Medicare Advantage Might Have Potential — If Companies Play Fair

By Shailin Thomas

Medicare Advantage was introduced as a mechanism for capturing some of the oft-extolled efficiencies of the private health insurance market. Instead of paying providers for services directly, as in traditional Medicare, the government pays Medicare Advantage insurers a predetermined, risk-adjusted amount of money per patient to cover all medical expenses for the year. The risk adjustment ensures that companies insuring Medicare Advantage patients with chronic diseases — who will likely need more intensive, expensive care — receive additional funds to help cover those costs. For each qualifying condition a patient has, the Medicare Advantage plan receives on average an additional $3000 annually.

While the risk adjustment of Medicare Advantage payments was well intentioned and economically rational, it appears to have opened up an avenue for significant abuse on the part of Medicare Advantage insurers. The Department of Justice recently joined a lawsuit against UnitedHealth, a large provider of Medicare Advantage plans, for allegedly defrauding the government out of hundreds of millions, if not billions, of dollars. The complaint alleges that UnitedHealth “upcoded” its risk-adjustment claims by submitting for conditions patients did not actually have and refusing to correct false claims when it discovered or should have discovered them. In essence, the company allegedly realized it could extract more money out of the government by making the patients it covers appear sicker than they actually are, and took full advantage of that.

Continue reading

Manufacturers Of Biosimilar Drugs Sit Out The ‘Patent Dance’

This new post by Claire Laporte appears on the Health Affairs Blog in a series stemming from the Fifth Annual Health Law Year in P/Review event held at Harvard Law School on Monday, January 23, 2017.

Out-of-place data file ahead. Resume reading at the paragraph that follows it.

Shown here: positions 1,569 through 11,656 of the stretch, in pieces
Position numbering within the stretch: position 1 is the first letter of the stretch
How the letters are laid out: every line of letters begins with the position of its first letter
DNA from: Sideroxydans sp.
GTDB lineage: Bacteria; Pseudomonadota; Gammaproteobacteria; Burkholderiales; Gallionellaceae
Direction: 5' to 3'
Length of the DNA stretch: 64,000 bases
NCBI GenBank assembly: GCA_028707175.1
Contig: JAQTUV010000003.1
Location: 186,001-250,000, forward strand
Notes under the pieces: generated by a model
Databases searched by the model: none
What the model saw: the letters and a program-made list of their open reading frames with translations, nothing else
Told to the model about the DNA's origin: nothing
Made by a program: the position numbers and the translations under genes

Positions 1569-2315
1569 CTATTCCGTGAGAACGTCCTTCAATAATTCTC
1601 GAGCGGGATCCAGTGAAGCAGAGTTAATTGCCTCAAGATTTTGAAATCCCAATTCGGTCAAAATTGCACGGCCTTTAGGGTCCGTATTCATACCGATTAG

Believe it or not, the Patient Protection and Affordable Care Act (Obamacare, or here, ACA) has intellectual property provisions. In addition to establishing mandates, subsidies and insurance exchanges, the ACA also created a new pathway for the approval of biosimilar drugs, which are akin to generic drugs. That pathway appears in a corner of the ACA that has its own title: the Biologics Price Competition and Innovation Act (BPCIA). The BPCIA is rich with intellectual property (IP) provisions that are now the subject of litigation in the Supreme Court.

Background: Generic Drugs And Biosimilars

Many of us take generic drugs for granted, but we have them only because the Hatch-Waxman Act (1984) provided an abbreviated pathway by which FDA could approve them. Under this pathway, a generic drug could be approved based on the safety and efficacy of the branded drug, plus a showing by the generic that it was essentially identical to the branded drug. This pathway also included provisions by which generic drug manufacturers could challenge the validity of patents protecting the branded drug. […]

Read the full post here.